“We are all the beneficiaries now of the preservation and conservation work these people did back in the late 19th century.”
Those are the words of Alan Spears, Senior Director of Cultural Resources for the National Parks Conservation Association. He made that statement during a discussion of the work of the Buffalo Soldiers, the post-Civil War all-Black Army troops who engaged in a range of activities on the Western frontier, from resource protection to trail building to escorting wagons and trains as they headed west.
They were instrumental, for better or worse, in America’s westward expansion and the creation and management of the nation’s budding national park system. Here are four things you need to know about the Buffalo Soldiers, early stewards of America’s public lands.
1) Many were former slaves.
Among the first Buffalo Soldiers were enslaved men who escaped to the North and fought with the Union Army against the South as members of the “U.S. Colored Troops.” In 1866, after the Civil War ended, the military created six segregated regiments which were later consolidated into four – the 9th and 10th cavalry and the 24th and 25th infantry – which incorporated many of the men who fought with the U.S. Colored Troops. When the war was over they were left with few social and economic opportunities,, military service prominent among them.
Where did the name “Buffalo Soldiers” come from? It depends on who you ask, but there is something of a consensus that the name likely originated with indigenous tribes in the West who thought the African-American soldiers’ hair resembled the fur on a buffalo’s head.
There is a measure of bitter irony associated with this origin story: the name was considered by the Native tribes as a sign of respect, yet part of the Army’s job was enforcing U.S. policy regarding Native tribes in the areas being settled by pioneers, including removal of tribes to make way for settlers. They also facilitated westward expansion by protecting stagecoaches carrying people moving west.
2) They blazed trails and protected the national parks.
Men from the Buffalo Soldiers regiments were among the first park rangers in our national park system. They were not entirely like today’s rangers, who do interpretive guiding and reenactments and things of that sort. Their duties included building roads and trails.
With the help of local engineers and construction workers, two units of Buffalo Soldiers built five miles of road and the first wagon route into the Giant Forest of Sequoia National Park. They also built the first trail up 14,500-foot Mt. Whitney. They successfully thwarted the efforts of poachers and chased off locals who brought their livestock to illegally graze on national land. They mapped mountains in present-day Guadalupe Mountains National Park.
In what must have counted among their greatest feats, in 1896 a group from the 25th infantry rode bicycles from Fort Missoula in Montana to Yellowstone National Park. It was the first of several long-distance bike journeys intended to evaluate if cycling was more feasible and economical than other more traditional means of transportation.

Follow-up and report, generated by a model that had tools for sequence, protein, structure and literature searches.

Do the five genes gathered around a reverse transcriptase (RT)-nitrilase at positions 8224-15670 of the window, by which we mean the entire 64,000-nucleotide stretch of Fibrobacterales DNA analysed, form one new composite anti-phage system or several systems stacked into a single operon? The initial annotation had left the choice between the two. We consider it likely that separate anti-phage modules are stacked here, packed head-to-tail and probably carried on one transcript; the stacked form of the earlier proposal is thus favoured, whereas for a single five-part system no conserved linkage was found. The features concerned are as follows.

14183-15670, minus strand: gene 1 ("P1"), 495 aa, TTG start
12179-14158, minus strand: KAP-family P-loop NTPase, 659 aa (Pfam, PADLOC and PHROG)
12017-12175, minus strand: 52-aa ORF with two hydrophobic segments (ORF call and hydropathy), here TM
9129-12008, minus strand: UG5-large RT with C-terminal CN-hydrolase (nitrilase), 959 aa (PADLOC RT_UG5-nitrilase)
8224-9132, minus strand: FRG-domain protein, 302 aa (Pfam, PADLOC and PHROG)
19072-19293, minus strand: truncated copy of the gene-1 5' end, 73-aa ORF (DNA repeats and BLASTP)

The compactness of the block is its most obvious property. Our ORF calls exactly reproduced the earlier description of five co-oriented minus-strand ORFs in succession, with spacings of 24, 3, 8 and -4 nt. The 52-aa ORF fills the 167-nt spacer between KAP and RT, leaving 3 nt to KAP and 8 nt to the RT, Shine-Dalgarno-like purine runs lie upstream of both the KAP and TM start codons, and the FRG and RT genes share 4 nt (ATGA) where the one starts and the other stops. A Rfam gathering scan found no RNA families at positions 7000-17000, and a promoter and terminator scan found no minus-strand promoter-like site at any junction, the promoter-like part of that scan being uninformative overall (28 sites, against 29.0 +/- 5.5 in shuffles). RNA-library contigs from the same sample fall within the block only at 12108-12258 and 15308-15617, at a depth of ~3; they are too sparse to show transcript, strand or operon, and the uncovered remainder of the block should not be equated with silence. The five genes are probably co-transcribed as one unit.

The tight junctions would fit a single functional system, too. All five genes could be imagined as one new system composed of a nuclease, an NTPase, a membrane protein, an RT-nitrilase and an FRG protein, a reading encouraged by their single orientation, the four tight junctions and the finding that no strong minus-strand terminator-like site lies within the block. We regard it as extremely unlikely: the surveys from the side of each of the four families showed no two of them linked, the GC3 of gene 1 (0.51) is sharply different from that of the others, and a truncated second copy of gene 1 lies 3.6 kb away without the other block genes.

3) A Buffalo Soldier became the first Black national park Superintendent.
Between 1889 and 1907, Col. Charles Young served in the 9th Cavalry, rising to the rank of captain. He excelled both in war and peacetime. During his time at West Point (he was only the 9th African American to attend the military academy) he faced racial discrimination and abuse, but persevered and became a revered leader, both in combat and in managing the national parks.
Young was the first Black man to serve as a national park Superintendent. Prior to the establishment of the National Park Service in 1916, the US Army managed the country’s nascent parks system, and Young was tasked with managing Sequoia National Park in 1903.
His story was one of perseverance and success, but his success was not facilitated by an atmosphere of equality or the dreamy ambition that might be felt by a white man fresh out of the academy and ready to take on a military career. He was a hero and was honored as such by having his name grace the national park monument to Buffalo Soldiers in Wilberforce, Ohio.
4) Their story can’t be told without the story of racism.
A long list of conflicts in their service highlighted the irony of what they were asked to do in some cases. They were discriminated against and mistreated by slaveowners, yet they fought Native Americans to ensure white settlers a safe passage through the western region of the U.S.
Would they have done so if they had options for advancement and public service other than the military? Good question, and one we might pose to Yosemite Park Ranger Shelton Johnson (featured in the video below), who interprets the Buffalo Soldier story in Yosemite National Park. In a 2012 interview, Johnson said: “Almost all of the soldiers who served here (at Yosemite) were either the sons or grandsons of enslaved people. Here they are going from this legacy of slavery to this experience of stewardship and protection.”
Think of them the next time you are hiking a western trail. It’s likely the Buffalo Soldiers had a hand in building or maintaining it. To quote Alan Spears again, “We are all the beneficiaries now of the preservation and conservation work these people did back in the late 19th century.” Indeed.
This originally appeared in The Trek on Feb. 22, 2021.
Featured image: Buffalo Soldiers of the 24th Infantry patrol Yosemite National Park, 1899. Image via NPS.